I’m with Dizzy. Learning what not to write has been equally challenging. Now, I’ll be the first to admit, I argued with the “masters” on some of these at first. For instance, my precious adverbs. By now, most of us have heard Stephen King’s admonishment about adverbs. They are doomed to the same fate as those with good intentions. In fact, adverbs do mean well. They do.
When we write, “Stand up,” Sally said, emphatically, we mean for the reader to visualize her scowl, hear the tenor in her voice, know her frustration. But then it hits us: we should tell the reader exactly that. Adverbs are good for what they are – placeholders. There are times, certainly, when we’ll leave one in. For instance, when knowing she is frustrated isn’t important enough to spare the extra words, or when the adverb happens to be the precise word you need. But in the former case, if it isn’t important, leave out the emphasis altogether.
“Stand up!” says enough.
I’ve found few instances where the adverb is the “right” word, but when it is, I leave it. Following rules blindly is never the path to success, in my experience. I will add one blind rule, though: leave out “suddenly” and “just.” As you edit, and suddenly encounter these words, just delete them. It’ll hurt, at first, but your writing will be sharper for it. It’ll suddenly be worth it, I declare, emphatically.
(See how that sucks?)
There are other things I’m learning not to write: descriptions of characters you’ll never get to know well; lyrical paintings of scenery that don’t create a mood or advance the story; dialogue, just for the sake of chatter. And while we’re on dialogue, omit all the “ums” and “wells” and “likes” and other non-useful words we say in real life. There can be a bit, for characterization, but use sparingly. For instance, one of my characters starts to stutter when he’s nervous. I will use a (brief) bit of stuttering to signal the reader his mood. An extra “Wh-“ in front of “what” saves words and allows the reader to get to know the character without the writer’s help.
The most difficult thing for me to learn not to write is the “why” and the “how.” In the real world, I’m a natural teacher. It isn’t my chosen profession, but it has been a lifelong avocation. That tendency comes out in my writing.
I explain why things have happened and how they are happening, sometimes to a fault. What I’ve learned is that readers react to this the same way they do to the jerk in the movies who keeps explaining what’s about to happen or, worse, what happened five seconds ago. If it isn’t unclear, and particularly if it will be revealed in the course of the story, allow the reader’s natural discovery to take place.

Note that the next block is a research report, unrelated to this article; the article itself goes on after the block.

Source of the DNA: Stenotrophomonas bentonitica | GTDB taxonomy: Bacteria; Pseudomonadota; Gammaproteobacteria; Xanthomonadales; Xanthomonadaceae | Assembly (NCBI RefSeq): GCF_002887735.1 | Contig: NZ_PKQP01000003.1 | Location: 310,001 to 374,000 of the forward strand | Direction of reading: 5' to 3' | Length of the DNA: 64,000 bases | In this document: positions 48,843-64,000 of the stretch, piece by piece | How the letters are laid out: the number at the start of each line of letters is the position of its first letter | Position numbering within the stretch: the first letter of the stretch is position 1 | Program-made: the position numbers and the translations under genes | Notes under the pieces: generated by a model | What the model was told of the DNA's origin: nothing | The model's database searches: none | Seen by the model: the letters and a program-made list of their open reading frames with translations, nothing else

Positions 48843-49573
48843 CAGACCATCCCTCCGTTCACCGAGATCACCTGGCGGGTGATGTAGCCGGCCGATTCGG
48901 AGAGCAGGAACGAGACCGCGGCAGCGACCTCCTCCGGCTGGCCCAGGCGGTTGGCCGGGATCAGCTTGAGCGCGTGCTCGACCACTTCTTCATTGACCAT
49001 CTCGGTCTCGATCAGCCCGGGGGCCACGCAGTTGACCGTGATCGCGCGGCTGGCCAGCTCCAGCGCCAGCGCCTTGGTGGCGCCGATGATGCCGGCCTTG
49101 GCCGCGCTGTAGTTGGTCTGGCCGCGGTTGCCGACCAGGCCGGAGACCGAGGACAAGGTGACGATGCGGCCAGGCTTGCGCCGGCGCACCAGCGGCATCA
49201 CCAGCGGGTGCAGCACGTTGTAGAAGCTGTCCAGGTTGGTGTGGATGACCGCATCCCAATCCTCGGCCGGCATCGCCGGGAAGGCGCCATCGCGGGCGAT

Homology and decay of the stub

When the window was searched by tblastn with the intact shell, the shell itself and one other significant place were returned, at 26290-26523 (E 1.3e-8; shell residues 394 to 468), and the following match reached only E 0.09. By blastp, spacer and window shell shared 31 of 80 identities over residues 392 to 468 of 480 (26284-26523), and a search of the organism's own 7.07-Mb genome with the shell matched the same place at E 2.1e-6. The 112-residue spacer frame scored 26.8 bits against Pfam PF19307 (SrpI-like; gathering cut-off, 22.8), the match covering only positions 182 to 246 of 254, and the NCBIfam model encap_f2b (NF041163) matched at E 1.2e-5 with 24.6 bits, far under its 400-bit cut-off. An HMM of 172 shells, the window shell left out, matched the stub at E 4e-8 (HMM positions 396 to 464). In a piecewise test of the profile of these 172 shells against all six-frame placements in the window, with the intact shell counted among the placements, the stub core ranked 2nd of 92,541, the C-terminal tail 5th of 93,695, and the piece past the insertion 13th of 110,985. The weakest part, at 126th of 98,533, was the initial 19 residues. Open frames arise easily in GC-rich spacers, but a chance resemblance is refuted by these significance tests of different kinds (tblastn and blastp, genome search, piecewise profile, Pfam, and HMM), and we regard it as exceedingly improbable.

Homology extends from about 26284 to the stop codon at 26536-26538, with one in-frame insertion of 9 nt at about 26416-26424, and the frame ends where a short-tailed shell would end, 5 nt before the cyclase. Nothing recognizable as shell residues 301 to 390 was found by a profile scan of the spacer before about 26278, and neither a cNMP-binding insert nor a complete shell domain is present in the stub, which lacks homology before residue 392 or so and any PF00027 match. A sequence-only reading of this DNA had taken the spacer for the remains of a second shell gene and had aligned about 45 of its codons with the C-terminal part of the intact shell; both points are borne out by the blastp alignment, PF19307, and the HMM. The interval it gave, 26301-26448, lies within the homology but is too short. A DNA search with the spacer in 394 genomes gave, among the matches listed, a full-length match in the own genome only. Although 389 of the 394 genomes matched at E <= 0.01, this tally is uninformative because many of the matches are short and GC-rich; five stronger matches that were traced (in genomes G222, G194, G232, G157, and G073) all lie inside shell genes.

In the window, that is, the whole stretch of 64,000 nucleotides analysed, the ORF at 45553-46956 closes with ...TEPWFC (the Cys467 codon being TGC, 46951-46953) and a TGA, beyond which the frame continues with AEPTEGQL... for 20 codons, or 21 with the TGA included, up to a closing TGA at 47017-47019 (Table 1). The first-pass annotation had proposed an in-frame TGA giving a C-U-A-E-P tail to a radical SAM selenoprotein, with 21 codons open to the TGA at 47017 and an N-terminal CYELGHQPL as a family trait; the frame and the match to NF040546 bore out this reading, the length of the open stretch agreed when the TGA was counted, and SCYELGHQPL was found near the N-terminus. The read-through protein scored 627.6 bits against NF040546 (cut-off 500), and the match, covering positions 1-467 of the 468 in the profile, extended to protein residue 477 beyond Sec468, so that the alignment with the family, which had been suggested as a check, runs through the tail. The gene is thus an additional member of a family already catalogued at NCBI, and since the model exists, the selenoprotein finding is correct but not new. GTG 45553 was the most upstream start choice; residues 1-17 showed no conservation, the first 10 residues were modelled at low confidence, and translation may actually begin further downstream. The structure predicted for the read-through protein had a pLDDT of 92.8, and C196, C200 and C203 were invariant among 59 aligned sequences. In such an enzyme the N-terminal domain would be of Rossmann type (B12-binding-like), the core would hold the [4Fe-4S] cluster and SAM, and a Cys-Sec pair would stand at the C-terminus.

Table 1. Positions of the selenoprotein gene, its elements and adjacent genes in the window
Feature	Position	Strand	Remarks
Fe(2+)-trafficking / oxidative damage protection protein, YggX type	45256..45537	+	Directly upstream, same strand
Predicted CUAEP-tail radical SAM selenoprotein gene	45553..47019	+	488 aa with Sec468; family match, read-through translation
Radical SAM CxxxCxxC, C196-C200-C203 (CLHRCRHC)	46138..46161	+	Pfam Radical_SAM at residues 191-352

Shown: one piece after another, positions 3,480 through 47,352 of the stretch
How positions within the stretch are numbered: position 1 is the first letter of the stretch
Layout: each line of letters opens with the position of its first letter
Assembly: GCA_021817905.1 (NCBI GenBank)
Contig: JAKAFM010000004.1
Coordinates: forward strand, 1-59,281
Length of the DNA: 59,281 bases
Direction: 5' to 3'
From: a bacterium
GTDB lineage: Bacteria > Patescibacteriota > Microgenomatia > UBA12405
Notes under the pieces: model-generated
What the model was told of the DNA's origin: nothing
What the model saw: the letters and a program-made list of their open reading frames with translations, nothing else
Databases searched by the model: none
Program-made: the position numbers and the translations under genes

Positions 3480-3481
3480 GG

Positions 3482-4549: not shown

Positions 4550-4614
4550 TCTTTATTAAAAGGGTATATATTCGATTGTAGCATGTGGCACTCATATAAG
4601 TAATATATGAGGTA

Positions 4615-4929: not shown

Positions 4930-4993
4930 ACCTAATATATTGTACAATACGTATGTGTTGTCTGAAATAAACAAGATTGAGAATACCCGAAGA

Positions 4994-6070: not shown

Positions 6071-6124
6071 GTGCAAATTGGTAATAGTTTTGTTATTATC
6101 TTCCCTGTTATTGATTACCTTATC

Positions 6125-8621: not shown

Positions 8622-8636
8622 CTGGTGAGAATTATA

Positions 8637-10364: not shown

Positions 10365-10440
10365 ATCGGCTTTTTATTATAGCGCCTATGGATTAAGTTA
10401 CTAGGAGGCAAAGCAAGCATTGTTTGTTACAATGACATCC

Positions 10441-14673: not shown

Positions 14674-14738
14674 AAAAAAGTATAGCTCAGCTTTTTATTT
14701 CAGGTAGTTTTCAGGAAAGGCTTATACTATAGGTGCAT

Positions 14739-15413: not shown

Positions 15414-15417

Shut it, Maxwell.
Now, I know, in modern fiction, that’s just not done. We need quick reads, and requiring the reader to think certain doesn’t make for quick reading. But see, I have a theory. If I can get a reader to spend $14.95 on a book, it should last them long enough to enjoy it. The trick is knowing what to add, and what to take out.
I do not advocate trying to write without adverbs, without interjections, or descriptions. I cannot emphasize that enough. Let the words flow. However, I would suggest we look at these as signals in our editing. When we come across a generalized term (like an adverb) or a weak word (like suddenly, or large), we should ask ourselves some questions:
- Does this word describe what we want the reader to know in specific terms?
- Were we being lazy in our word choice?
- Does this “show” the story in visual, auditory, sensory terms, or are we simply summarizing “telling” what happened?
- Can we take out this word, phrase, sentence, or chapter without adversely impacting the story? (If we can, it’s extra baggage.)
- Is this dialogue important (to the story, characterization, etc.) or is it chatter?
- Am I describing something that doesn’t matter, or a character who is little more than an extra?
- Why should the reader care about what I just wrote? (See, you can’t take out all the “justs.”)
Obviously, if you’re asking yourself these questions, you’re thinking instead of writing. Therefore, I suggest leaving this to the editing process. When I’m writing, I use adverbs as placeholders that will help me substitute better descriptors later.
It’s hard to know what not to write. In fact, I think it’s a career-long process. Your list will be different than mine. But if you’re like the rest of us, it will grow over time.